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Ferris Students inducted into National Honor Society for Engineering Technology

pictureThe faculty advisers for Ferris State University’s Michigan Epsilon chapter of Tau Alpha Pi, the national honor society for engineering technology students, have announced their 2011 inductees.

Inductees from Automotive Engineering Technology are Brandon Glossop, of Novi; Patrick LaMontagne, of Clinton Township; and Daniel Polanic, of Hudsonville. Inducted from Electrical/Electronics Engineering Technology is Curtis Lizotte, of Lake Leelanau. The inductees from Mechanical Engineering Technology are Peter Diep, of Holland, and Loren Lord, of Hesperia. Earning induction from Manufacturing Engineering Technology is Logan Stuckey, of Archbold, Ohio, and from Welding Engineering Technology is Michael Thompson, of Palos Park, Ill.

Eligibility for induction is limited to the top 4 percent of all full-time students who have completed at least three-fourths of their studies in an eligible engineering technology program.

“These are the best students in some of our toughest programs,” said chapter advisor Jim Rumpf, an associate professor in the College of Engineering Technology. “In addition, besides being academically eligible, candidates must also be recommended by their faculty group, so these inductees were not only academically outstanding, but also have displayed excellent character during their careers at Ferris. They have earned both our respect for their accomplishments and our appreciation for their performance.”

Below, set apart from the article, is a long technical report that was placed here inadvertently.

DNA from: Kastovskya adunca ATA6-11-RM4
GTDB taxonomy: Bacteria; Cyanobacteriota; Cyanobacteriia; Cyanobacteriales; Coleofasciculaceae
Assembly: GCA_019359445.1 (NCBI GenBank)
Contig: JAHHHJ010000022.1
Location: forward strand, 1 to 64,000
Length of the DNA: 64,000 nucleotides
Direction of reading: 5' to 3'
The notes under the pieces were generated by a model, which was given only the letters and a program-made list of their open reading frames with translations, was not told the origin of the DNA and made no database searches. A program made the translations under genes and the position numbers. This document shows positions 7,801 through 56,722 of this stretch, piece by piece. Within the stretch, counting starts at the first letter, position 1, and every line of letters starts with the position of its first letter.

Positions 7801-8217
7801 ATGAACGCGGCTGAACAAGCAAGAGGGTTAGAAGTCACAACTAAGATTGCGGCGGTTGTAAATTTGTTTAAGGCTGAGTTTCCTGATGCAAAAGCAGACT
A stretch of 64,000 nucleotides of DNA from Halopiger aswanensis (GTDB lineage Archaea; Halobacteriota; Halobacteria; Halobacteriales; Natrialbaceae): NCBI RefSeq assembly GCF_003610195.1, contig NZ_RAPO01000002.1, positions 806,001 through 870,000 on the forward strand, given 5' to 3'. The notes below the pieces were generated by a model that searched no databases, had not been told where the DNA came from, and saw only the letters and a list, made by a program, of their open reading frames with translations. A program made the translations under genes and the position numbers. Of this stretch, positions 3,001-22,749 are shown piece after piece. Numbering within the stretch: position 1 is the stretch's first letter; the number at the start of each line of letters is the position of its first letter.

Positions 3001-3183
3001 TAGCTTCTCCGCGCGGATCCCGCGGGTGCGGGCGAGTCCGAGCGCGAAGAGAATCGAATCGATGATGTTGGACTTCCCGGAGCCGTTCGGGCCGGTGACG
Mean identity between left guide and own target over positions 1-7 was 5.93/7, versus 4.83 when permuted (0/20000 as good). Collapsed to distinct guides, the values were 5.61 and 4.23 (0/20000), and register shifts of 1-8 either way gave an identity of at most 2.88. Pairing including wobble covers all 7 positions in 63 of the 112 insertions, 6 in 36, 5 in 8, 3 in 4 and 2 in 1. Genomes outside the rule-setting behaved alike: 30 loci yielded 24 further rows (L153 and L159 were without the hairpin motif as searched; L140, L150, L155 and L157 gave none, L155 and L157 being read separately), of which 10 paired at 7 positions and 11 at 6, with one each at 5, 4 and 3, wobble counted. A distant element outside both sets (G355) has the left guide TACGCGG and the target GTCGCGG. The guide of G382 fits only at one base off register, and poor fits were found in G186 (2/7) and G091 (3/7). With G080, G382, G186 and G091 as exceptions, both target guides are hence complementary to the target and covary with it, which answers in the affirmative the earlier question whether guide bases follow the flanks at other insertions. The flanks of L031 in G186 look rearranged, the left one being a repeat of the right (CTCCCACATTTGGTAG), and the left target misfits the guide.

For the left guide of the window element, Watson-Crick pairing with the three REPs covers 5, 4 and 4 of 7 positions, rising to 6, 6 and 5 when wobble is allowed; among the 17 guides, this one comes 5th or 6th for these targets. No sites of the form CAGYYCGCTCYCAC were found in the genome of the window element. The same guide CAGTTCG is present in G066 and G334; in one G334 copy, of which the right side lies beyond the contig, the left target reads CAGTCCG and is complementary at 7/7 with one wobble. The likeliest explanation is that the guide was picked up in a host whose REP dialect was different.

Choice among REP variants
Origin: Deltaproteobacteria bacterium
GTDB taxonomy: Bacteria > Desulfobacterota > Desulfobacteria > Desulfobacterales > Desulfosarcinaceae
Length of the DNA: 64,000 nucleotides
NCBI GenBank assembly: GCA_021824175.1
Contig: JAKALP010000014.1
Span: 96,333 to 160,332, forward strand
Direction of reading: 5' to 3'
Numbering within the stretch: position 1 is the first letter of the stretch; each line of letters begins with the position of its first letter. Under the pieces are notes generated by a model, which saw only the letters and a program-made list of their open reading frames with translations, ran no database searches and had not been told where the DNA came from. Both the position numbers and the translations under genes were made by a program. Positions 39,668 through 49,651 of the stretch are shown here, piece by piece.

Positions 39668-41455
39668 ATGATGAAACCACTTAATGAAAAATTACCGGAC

Rumpf and fellow faculty advisers Murry Stocking, Chuck Drake, Greg Key, Ken Kuk, and Gary Ovans processed the nominations early in Ferris’ Spring 2011 semester.

The inductees received certificates, pins and diploma seals. Their names will be added to the Tau Alpha Pi plaque on permanent display in the lobby of the CET dean’s office.

The Michigan Epsilon chapter of Tau Alpha Pi was established at Ferris in 2000.

Founded in 1953, Tau Alpha Pi membership is open to both associate-degree and baccalaureate candidates. The society’s purpose is twofold: Recognize high standards of scholarship among students in engineering technology programs and to promote and encourage scholastic achievement by offering outstanding engineering technology students membership in the society.